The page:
I had what is known as Placenta Accreta, whcih is a very rare condition where the placenta grows into the deeper layers of the uterine wall and becomes firmly attached to it. There is no apparent symptons of this during pregnancy and it only became apparent when my Doctor tried to deliver the placenta and it would not separate from the uterine wall. This combined with my low platelet count causing blood clotting issues posed a serious problem. In severe cases it could rupture the uterus but in my case it led to a lot of bleeding. I am lucky in that I became slightly disoriented at this point due to the blood loss and didn't suffer the trauma that poor Jarlath and Vicky did seeing me bleeding heavily. I only really remember snippets - seeing the Doctor covered from neck to knees and up to his elbows in "someones" blood, lots of medical staff suddenly coming into the room, clutching Vicky's hand, seeing Jarlath being ordered to take the baby and sit in the corner out of the way and then I felt incredibly cold. The last thing I remember hearing was a discussion about various procedures and the words "Hysterectomy" but again I was lucky in that I was so out of it that I didn't truly appreciate what was going on.
Skip ahead and I must have been coming round from surgery as I was being wheeled on a trolley and I remember seeing the words Intensive Care Unit over the door I was being wheeled through. Jarlath was at my side immediately when I opened my eyes and he says my first words were " Where is the baby?" and "Am I going to survive?" - being a bit of a Drama queen there methinks, lol!! I was seemingly also muttering about them pumping my breasts so that the baby could feed on some breast milk - makes a slightly hilarious visual now of me expecting someone to administer a breast pump while I am hooked up to all sorts of monitors in ICU.
So my night in ICU! From Tv and movies ICU is a quiet place where all you hear is the whispered voices of nurses and the rythmic sound of machines helping to keep the patients alive. In my experience it was the busiest, noisiest place ever as every hour os so a nurse would come in and poke or prod me, change IV to put fluids in and stick me with needles to take fluids out. Not really ideal for a restful night. I was wide awake bt 5.00a.m. feeling relatively ok but absolutely aching to see and hold my newborn baby. They decided to give me another pint of blood - my third that night - as my blood volume was still low, along with Magnesium, Antibiotics, saline, steroids and goodness knows what else. It was very surreal just lying there watching the heart monitor on one side, which kept rechecking my blood pressure every 15 minutes, as well as watching all these lines going into my left arm. It took every molecule of patience in my body just to lie there and wait until Jarlath was allowed in to see me.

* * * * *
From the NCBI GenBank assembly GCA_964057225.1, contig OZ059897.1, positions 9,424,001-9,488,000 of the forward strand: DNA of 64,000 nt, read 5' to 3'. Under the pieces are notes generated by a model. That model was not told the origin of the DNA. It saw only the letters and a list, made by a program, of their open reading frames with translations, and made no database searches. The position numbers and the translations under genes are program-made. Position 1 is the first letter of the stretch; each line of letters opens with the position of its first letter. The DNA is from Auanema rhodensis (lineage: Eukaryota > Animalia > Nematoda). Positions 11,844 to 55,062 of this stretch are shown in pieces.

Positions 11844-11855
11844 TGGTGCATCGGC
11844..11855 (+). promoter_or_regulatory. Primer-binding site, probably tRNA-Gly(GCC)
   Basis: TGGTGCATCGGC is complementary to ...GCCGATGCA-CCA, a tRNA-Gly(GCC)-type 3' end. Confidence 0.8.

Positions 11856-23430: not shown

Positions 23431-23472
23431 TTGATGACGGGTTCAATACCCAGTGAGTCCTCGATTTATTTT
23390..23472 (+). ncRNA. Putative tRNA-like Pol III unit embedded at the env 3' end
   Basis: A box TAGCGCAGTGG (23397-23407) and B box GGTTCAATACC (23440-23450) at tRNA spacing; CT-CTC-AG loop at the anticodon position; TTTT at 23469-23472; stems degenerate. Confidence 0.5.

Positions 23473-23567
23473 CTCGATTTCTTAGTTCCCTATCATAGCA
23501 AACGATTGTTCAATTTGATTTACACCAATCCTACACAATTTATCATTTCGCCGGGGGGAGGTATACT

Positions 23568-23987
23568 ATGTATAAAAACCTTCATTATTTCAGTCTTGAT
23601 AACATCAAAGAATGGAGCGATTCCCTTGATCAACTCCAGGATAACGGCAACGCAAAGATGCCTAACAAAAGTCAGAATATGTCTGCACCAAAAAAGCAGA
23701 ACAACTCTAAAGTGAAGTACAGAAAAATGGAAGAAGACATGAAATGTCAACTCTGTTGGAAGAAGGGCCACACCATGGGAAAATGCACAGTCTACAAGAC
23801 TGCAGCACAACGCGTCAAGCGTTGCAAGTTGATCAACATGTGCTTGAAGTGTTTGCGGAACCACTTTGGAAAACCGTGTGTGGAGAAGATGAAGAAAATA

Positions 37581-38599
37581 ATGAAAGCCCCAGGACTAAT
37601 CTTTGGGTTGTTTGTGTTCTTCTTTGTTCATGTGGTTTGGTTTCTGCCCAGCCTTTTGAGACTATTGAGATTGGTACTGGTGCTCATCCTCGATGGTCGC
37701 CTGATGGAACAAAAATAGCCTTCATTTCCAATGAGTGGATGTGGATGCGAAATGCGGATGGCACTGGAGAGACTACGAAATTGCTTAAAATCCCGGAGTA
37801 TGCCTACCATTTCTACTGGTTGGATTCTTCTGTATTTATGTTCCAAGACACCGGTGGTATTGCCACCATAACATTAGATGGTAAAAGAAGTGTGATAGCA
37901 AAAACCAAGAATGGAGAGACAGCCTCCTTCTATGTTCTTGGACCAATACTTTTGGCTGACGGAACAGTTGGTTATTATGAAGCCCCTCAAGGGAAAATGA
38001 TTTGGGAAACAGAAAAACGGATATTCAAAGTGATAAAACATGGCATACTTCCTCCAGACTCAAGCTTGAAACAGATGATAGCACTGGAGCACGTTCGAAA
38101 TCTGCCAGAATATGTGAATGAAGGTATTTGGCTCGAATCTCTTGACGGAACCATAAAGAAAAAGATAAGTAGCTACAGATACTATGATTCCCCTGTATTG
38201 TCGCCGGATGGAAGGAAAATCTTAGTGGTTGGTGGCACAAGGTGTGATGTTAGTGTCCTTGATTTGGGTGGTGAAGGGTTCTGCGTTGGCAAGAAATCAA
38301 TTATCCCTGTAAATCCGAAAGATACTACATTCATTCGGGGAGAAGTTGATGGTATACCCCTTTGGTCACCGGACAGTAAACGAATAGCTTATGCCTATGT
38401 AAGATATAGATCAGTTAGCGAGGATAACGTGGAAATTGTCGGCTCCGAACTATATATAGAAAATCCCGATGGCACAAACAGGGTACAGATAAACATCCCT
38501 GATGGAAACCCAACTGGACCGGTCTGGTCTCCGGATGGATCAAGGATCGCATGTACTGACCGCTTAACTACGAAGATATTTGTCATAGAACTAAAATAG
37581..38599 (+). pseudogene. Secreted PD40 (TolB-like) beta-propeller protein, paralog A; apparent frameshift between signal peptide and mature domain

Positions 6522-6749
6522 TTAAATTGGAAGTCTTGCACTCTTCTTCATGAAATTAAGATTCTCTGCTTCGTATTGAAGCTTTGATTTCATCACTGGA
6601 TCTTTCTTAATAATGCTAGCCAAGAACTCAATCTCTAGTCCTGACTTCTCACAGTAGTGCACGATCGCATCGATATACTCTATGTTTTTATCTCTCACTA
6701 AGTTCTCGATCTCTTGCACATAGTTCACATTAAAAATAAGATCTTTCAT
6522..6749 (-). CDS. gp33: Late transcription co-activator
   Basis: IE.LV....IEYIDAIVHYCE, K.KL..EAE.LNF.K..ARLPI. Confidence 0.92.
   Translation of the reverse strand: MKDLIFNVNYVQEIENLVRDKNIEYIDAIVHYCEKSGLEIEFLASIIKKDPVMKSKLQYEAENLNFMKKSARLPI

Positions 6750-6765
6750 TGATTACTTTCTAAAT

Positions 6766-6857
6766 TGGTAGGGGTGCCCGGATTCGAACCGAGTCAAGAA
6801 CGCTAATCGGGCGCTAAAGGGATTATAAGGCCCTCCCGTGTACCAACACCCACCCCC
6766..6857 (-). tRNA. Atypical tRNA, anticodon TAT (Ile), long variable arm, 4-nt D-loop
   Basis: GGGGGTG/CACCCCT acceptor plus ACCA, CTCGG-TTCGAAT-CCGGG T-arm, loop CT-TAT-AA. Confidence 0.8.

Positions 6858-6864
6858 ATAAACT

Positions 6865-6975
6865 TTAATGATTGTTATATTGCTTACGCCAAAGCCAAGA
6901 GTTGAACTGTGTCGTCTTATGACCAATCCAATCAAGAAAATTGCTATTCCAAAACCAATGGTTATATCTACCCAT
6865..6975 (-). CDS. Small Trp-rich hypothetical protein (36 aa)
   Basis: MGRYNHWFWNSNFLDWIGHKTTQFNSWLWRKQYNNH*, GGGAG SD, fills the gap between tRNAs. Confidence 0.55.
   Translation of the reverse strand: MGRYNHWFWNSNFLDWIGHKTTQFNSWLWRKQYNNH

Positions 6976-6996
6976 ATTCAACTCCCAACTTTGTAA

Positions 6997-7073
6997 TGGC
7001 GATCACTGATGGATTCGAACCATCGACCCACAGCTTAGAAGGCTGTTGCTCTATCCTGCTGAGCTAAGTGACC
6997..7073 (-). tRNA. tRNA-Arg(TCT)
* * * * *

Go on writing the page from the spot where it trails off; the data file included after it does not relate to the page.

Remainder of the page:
I got to see Dr Osmun, who looked like hell, after going through that the night before - he only looks about late twenties/ early thirties in age but I am told by Jarlath was so amazingly collected as he instructed the team the night before. I then got a visit from my Haematologist who happened to be visiting someone else in the ICU and when my name came up he popped in to visit me. Then I had a long wait until 11.00a.m. when Jarlath was allowed into the ward. He immediately burst into tears on seeing me, which of course made me panic that something was wrong with the baby but he assured me there was nothing wrong and it was just the trauma of the night before catching up with him as he was conscious throughout it, I was lucky to be knocked out. He had visited the baby that morning before visiting me as she had been cared for in the special care nursery. The poor man was in tears when he saw the baby and the nurses were all very good in trying to comfort him. I can't imagine having to go through what he did mentally. On the lighter side he said it was slightly funny seeing our 9lb 2oz bouncing bundle lying amidst all these teeny, tiny premature babies who were all hooked up to machines. It made us both realise, despite everything, how lucky we actually were in that the baby was a big, bundle of health and did not have to go through anything herself.
So the moment I had been waiting for eventually came and at 1.30p.m. on 9th Sept I was taken up to the Postpartum unit and my baby was brought to me. I can't even put into words my feelings when seeing her for the first time 15 hours after giving birth. I will never get those hours back but I am sure they will become meaningless with the many hours I will get to be with her from now on.
On the plus side they did not have to carry out a hysterectomy and managed to just give me a D & C (Uterine scraping) and cauterise the bleeding. So I guess I am a very lucky girl.
Well I will sign off there for now as I am exhausted just writing it all down. Lots more blogs to come of me boring you with all my new baby is achieving!
Love to everyone and thanks for all your kinds thoughts and wishes and gifts and cards.
Hazel, Jarlath and Hannah Xx